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The home of music journalist Nicholas Jennings, author of Lightfoot, the definitive new Gordon Lightfoot biography from Penguin Random House.
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Liner Notes: Kensington Market - Avenue Road

The Summer of Love gave the world the Monterey Pop Festival and The Beatles’ Sgt. Pepper. Ultimately, those precious months in 1967 produced something far greater: the full flowering of the hippie movement and a sense of cultural, social and political barricades coming down. Change was in the air. The seeds were sown at the Human Be-In in San Francisco’s Golden Gate Park and quickly spread to most major cities in the western world. In Toronto, the May Love-In at Queen’s Park attracted a crowd of barefooted flower children who danced to Buffy Sainte-Marie and Leonard Cohen under a thick cloud of marijuana smoke.That same month, three musicians from Yorkville, Toronto’s hippie village, gathere...
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Liner Notes: The Paupers – Dig Deep 1966-1968

Canadians have a peculiar ability to downplay—or forget altogether—their artists’ achievements. “Cultural amnesia,” Margaret Atwood once called it. Canada’s first lady of letters could well have been referring to how the fabulous Paupers were (until now) relegated to the delete bins of Canadian music history. Atwood was giving her first poetry readings at Toronto’s Bohemian Embassy when The Paupers were establishing themselves as a legendary live act up the street, in Yorkville clubs like the El Patio and Boris’ Red Gas Room. The group went on to score radio hits such as “Simple Deed” and “If I Call You By Some Name.” But most significant—and forgotten—is the fact that in the months leading ...
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Liner Notes: Kensington Market - Aardvark

By the end of the 1960s, the psychedelic-rock revolution was peaking. Dream-laced lyrics and trippy effects, including distortion, tape-loops, echoes, delays and phase shifting, were rampant. Adventurous musicians were busy employing a new array of instruments to conjure up kaleidoscopic sounds. The Beatles, leaders in the new music, had already introduced the sitar on Sgt. Pepper’s and the Mellotron on “Strawberry Fields Forever.” The year 1969 saw numerous bands tripping out with delightfully freaky albums, including Skip Spence’s Oar, Jefferson Airplane’s Volunteers and The Moody Blues’ On the Threshold of a Dream.During the winter of ’68, the members of Toronto’s Kensington Market were d...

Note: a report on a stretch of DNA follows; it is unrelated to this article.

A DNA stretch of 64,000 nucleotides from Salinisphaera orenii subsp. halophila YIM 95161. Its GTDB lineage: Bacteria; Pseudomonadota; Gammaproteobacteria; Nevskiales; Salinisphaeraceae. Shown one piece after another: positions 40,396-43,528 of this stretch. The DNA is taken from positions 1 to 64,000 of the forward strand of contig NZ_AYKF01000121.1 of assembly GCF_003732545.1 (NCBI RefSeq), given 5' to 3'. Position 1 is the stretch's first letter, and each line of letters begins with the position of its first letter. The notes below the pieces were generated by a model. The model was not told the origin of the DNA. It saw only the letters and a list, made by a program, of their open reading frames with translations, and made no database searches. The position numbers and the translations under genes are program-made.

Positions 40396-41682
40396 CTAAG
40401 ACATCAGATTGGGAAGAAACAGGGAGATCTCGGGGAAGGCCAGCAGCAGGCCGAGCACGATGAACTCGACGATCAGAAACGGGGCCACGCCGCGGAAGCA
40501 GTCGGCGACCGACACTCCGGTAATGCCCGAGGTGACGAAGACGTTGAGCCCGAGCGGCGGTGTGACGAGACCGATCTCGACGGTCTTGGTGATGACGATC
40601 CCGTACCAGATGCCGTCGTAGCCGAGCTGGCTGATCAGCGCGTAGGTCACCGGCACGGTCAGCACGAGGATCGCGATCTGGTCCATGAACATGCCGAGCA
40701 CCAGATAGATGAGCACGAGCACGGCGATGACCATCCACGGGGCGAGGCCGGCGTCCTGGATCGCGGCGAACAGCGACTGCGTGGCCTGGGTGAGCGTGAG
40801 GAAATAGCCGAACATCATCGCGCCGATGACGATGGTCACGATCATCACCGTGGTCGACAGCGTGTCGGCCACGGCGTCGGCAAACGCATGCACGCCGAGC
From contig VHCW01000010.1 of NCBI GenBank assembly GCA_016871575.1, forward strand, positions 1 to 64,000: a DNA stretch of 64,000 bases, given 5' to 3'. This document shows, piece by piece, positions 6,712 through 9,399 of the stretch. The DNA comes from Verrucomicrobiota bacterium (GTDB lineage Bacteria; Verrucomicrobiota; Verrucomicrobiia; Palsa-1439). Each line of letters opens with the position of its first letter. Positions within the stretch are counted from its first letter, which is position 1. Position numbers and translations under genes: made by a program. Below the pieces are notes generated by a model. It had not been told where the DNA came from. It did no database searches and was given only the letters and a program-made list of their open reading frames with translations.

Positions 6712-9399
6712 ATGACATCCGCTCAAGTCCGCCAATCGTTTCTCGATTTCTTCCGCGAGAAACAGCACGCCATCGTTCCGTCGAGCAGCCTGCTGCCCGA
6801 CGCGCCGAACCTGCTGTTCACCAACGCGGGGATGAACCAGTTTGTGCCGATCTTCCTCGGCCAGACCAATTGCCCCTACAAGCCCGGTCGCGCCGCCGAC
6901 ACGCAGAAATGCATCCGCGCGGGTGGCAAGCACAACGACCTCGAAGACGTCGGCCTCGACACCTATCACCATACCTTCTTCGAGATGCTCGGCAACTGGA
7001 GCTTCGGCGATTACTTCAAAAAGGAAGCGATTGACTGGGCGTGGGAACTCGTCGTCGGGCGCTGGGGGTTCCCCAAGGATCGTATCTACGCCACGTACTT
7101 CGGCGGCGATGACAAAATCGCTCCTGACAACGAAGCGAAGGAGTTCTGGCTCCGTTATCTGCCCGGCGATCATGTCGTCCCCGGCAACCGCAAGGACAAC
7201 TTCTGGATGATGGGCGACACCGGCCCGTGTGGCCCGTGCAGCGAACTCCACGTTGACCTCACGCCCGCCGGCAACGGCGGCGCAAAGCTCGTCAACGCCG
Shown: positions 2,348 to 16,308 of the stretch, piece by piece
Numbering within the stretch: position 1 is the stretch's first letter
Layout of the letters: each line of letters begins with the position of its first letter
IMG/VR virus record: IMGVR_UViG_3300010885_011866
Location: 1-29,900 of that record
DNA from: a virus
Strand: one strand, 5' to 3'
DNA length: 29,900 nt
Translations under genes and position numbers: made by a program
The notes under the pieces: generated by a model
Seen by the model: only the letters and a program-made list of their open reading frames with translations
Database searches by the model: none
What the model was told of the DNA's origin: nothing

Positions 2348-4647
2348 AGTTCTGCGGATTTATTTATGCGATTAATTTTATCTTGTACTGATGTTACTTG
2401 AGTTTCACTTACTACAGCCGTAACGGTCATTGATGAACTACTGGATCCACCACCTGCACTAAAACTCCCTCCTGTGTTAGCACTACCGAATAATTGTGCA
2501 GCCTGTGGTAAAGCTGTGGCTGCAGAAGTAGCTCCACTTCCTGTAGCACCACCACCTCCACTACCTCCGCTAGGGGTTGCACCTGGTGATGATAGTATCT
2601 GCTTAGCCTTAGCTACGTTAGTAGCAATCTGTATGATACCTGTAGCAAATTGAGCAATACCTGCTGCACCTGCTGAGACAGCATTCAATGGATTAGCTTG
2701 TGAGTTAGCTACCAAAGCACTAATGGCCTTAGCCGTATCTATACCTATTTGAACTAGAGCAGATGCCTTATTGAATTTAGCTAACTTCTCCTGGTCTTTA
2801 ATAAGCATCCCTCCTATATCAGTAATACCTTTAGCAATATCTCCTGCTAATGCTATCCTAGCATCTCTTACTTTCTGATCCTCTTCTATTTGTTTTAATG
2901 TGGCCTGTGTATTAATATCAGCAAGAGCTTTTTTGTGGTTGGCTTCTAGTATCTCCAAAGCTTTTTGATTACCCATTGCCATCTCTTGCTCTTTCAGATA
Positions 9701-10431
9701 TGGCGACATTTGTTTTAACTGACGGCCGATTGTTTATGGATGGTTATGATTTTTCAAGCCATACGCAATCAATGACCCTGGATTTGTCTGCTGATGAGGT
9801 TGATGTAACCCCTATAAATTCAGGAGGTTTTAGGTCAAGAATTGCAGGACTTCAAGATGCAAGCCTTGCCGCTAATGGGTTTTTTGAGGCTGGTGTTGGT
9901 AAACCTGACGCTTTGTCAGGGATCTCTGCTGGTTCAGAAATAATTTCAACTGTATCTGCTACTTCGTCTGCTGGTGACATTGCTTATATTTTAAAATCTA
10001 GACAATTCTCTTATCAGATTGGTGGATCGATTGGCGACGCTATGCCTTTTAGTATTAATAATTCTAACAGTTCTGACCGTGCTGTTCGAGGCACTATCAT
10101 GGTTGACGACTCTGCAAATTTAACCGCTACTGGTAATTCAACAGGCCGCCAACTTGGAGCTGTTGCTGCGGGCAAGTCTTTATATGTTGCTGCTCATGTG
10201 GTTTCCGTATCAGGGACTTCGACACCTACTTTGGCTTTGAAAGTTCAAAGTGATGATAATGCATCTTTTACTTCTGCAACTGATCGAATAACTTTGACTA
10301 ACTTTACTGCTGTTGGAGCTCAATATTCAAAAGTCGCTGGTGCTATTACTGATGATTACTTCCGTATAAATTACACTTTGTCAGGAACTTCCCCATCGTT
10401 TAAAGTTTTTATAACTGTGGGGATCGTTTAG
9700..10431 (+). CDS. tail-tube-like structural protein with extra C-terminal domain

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Before the Gold Rush - Flashbacks to the Dawn of the Canadian Sound

Book Description from AmazonThis is an entertaining, authoritative, and highly anecdotal look at the golden era of Canadian pop music-the historically important decade that gave birth to such internationally respected recording artists as Neil Young, Joni Mitchell, Ian & Sylvia Tyson, Gordon Lightfoot, Murray McLauchlan, Bruce Cockburn, Buffy Saint Marie, Blood, Sweat & Tears, and Ronnie Hawkins. In the bohemian sixties, Toronto's Yorkville neighbourhood was a hippie haven-our version of Haight-Ashbury or Greenwich Village, a place where coffeehouses like the Riverboat and the Purple Onion offered a creative mecca for musicians from across Canada. They came from Saskatoon and Winnipe...
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Riverboat Plaque Presentation

Heritage Toronto press release: On June 18 2009, Heritage Toronto was joined by some of Canada's most notable musicians to commemorate famed Yorkville coffeehouse, the Riverboat. Located in the narrow basement of a house at 134 Yorkville Ave, the Riverboat was opened in 1964 by Bernie Fiedler and became the best-known coffeehouse in Canada. Over its history, the Riverboat stage was graced by Canada's music elite, including Joni Mitchell, Neil Young and Gordon Lightfoot. The Riverboat remained open until 1977, by which time it was the sole remaining coffeehouse in the area.A number of musicians who graced The Riverboat's stage during its illustrious life attended the event, includin...
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